Lake Skinner Splash Pad
Landscape Architecture by Schmidt Design Group
The waterfall was custom designed by Schmidt Design Group, Inc. and fabricated from precast concrete by Quick Crete. The splash pad’s various water elements represent the journey water takes as it travels from the mountains, through numerous streams, into the California aqueduct, to Lake Skinner and finally to the commercial and residential water supply. The cascading waterfall represents the water descending from the mountains. Rock structures and textured rock-climbing walls in the splash pad mimic the mountain forms and the surrounding landscape.
On a hot California summer day, dozens of children can be spotted cooling off in the splash pad plaza located in the heart of Lake Skinner Recreation Area, a campground and regional park nestled in the hills of Winchester in Riverside County, Calif.
Yet the splash pad is more than just a place for families to have fun. San Diego-based landscape architecture and planning firm Schmidt
Design Group, Inc., designed the park’s water features as a tool for both entertainment and environmental education.
The squirting frog and flower are several playful water features from Vortex Aquatic Structures International.
“Lake Skinner reservoir is such an important part of our water infrastructure in Southern California,” explains principal landscape architect Glen Schmidt, FASLA, who founded the firm 29 years ago. “I’m sure many people who visit the park for both camping and day use don’t realize Lake Skinner is an important part of the water-delivery system in Southern California. We thought it was a wonderful opportunity
to integrate interpretive education into the water-play experience.”
The park’s various water elements tell the story of the journey water takes as it travels down the mountains, through the various streams, into the California aqueduct, to Lake Skinner and eventually joining the commercial and residential water supplies. The journey kicks off with a cascading waterfall, representing the water descending from the mountains. Rock structures and textured rock-climbing walls in the splash pad mimic the mountain forms and the surrounding landscape. A large, central water play area represents water’s journey through natural and manmade tributaries.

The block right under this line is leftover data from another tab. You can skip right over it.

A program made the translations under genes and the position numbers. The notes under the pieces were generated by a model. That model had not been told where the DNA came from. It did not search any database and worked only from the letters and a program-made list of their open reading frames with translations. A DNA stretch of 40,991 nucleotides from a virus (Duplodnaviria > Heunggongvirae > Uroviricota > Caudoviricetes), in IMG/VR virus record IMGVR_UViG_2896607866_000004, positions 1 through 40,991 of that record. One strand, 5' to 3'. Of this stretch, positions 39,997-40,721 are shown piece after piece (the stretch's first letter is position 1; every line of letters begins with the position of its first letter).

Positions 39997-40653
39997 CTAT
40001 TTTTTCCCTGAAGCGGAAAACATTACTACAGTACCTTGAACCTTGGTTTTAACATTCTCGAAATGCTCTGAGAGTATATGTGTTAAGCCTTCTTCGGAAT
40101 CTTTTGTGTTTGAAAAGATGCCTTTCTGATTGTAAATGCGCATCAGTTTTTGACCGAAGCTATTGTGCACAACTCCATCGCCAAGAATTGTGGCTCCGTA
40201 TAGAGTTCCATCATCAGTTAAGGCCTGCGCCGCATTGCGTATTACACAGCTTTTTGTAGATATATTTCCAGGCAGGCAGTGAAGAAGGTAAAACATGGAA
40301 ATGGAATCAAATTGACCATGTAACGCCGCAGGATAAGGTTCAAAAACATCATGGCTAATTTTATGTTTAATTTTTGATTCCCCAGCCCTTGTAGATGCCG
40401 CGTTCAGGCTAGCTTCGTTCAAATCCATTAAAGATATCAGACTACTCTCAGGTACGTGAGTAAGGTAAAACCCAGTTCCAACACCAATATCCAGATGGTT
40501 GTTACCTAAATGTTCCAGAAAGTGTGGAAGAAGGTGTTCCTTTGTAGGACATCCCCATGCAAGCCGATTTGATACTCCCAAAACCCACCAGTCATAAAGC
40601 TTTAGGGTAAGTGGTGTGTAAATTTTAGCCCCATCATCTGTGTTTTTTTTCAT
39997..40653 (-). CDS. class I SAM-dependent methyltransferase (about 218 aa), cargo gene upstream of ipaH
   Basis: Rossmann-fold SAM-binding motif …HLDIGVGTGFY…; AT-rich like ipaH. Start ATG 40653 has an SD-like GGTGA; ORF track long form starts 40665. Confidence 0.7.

The landscape architect designed the shade structure (right) and chose the quotes etched into the concrete. This one reads: “All the water that will ever be is, right now.” —National Geographic, October 1993.
Playful elements like squirting mushrooms, frogs and butterflies, plus large flowers and cattails allow visitors to enjoy interacting with the water and one another while following the journey. Quotations and factual information
about the journey of water from the mountains to our taps are etched into the concrete paving.
An attention-grabbing, custom-designed oversized faucet in the splash pad marks the end of water’s journey as it reaches people’s homes. Children immediately connect with the recognizable imagery and are encouraged to contemplate the long, important trip water takes the next time they turn on the tap.
The custom-designed faucet by the landscape architect is a one-of-a-kind water feature fabricated by Vortex. The splash pad relies on a 4,000-gallon tank and a total water flow of 747 gpm. Water recirculates and is chemically treated through a complex system twice an hour at 143 gallons per minute (a 133 gpm rate is required by the
Schmidt Design Group designed the park and relied on the expertise of several vendors to realize the splash pad, including Aquatic Design Group, Vortex Aquatic Structures and Boulderscape.
The firm was met with several challenges along the way, including meeting the strict standards of the Riverside County Health Department and the code requirements that come with any installation of a water feature that includes human contact.